Protocol amending the double-tax treaty between the Russian Federation and Luxembourg
Protocol amending the double-tax treaty between t...
On 11 August 2011, the Russian Federation approved a protocol that would amend the double-tax treaty between the Russian Federation and Luxembourg. In accordance with Russian Federal law, the protocol now needs to be ratified. Therefore, the earliest expected date that it would enter into force would be 1 January 2013.
The protocol was based on provisions of the Russian Federation’s model double-tax treaty. This model treaty was developed based on the OECD Model Convention.
Taxation of dividends
The protocol’s most important change applies to dividends. The protocol reduces the current 10% withholding tax rate for qualifying dividends to 5%. The company receiving the dividends qualify if it:
- is the beneficial owner of the dividends
- owns more than 10 percent of the company paying the dividends
- invested at least EUR80,000 or the equivalent in rubles in the company paying the dividends.
Thus, after the protocol enters into force, Luxembourg could become, like Cyprus, the Netherlands, and Switzerland, a country noted for having favorable conditions for structuring investments in Russian companies.
Taxation of income from disposing of property in Russia
The protocol adds important provisions with regard to taxation of income from real estate, specifically, income received from selling shares of a real estate investment fund or a similar collective investment vehicle organized primarily for the purposes of investing in immovable property.
In accordance with the protocol, Russia may tax the income from alienation of shares deriving more than 50 percent of their value directly or indirectly from immovable property situated in Russia. This provision does not apply in case of alienation as part of a company’s restructuring.
The protocol also redefines the term ‘dividends’, which now includes any payments on shares in mutual investment funds or similar collective investment vehicles.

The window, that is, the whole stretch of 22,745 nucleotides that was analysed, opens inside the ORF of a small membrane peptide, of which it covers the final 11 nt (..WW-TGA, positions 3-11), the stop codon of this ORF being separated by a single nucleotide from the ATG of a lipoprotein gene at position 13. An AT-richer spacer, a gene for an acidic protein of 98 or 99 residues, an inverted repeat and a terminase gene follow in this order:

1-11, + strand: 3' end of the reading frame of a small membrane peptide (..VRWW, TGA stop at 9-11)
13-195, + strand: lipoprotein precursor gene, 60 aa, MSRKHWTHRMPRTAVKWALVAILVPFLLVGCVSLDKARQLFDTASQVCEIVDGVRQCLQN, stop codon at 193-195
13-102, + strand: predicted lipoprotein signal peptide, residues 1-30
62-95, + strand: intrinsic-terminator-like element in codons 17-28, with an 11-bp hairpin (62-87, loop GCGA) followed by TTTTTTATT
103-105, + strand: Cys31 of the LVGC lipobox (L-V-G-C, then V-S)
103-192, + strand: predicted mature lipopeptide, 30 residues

These changes in aggregate should negatively impact Luxembourg’s attractiveness as a jurisdiction for structuring real-estate investment in Russia including investment through investment funds.
Provisions on information exchange
In accordance with OECD recommendations, in the protocol, a procedure and mechanism are stipulated for providing to the Russian tax authorities information related to any taxes, including VAT.
Like provisions in the protocol signed with Cyprus, the protocol with Luxembourg stipulates that the fact that banks, agents, or trustees possess the requested information will not prevent the tax authorities from receiving the information . Unlike the protocol with Switzerland, the protocol with Luxembourg does not directly prohibit providing to the tax authorities information in answer to requests of a general nature.
Nevertheless, the protocol lists what a valid request for information should include: the identity of the person under investigation; the type and form of the requested information; the tax purpose of the request; the name and address of the entity that supposedly has the information and reasons for assuming that the entity has the information; document where the tax authorities state that all other means of obtaining the information in their country have been exhausted.
Limitation of benefits
The protocol includes an article on the treaty’s limitations. In accordance with the article, provisions of the treaty with Luxembourg do not apply to companies that were created solely to take advantage of the treaty’s benefits. The tax authorities in Russia and Luxembourg should determine if a company fulfills this criterion under the mutual agreement procedure. The article does not provide for any mechanisms for making this decision, e.g. there are no criteria that determine that a company’s reason for existence is only to receive the treaty’s benefits. This ambiguity could give rise to disputes with tax authorities.
Other provisions in the protocol
The protocol also adds to the treaty cases during which a foreign company’s activity in the Russian Federation does not give rise to a permanent establishment.
The protocol gives Russia the right to tax income not specifically mentioned in the treaty. Currently, such income is not taxed in Russia.
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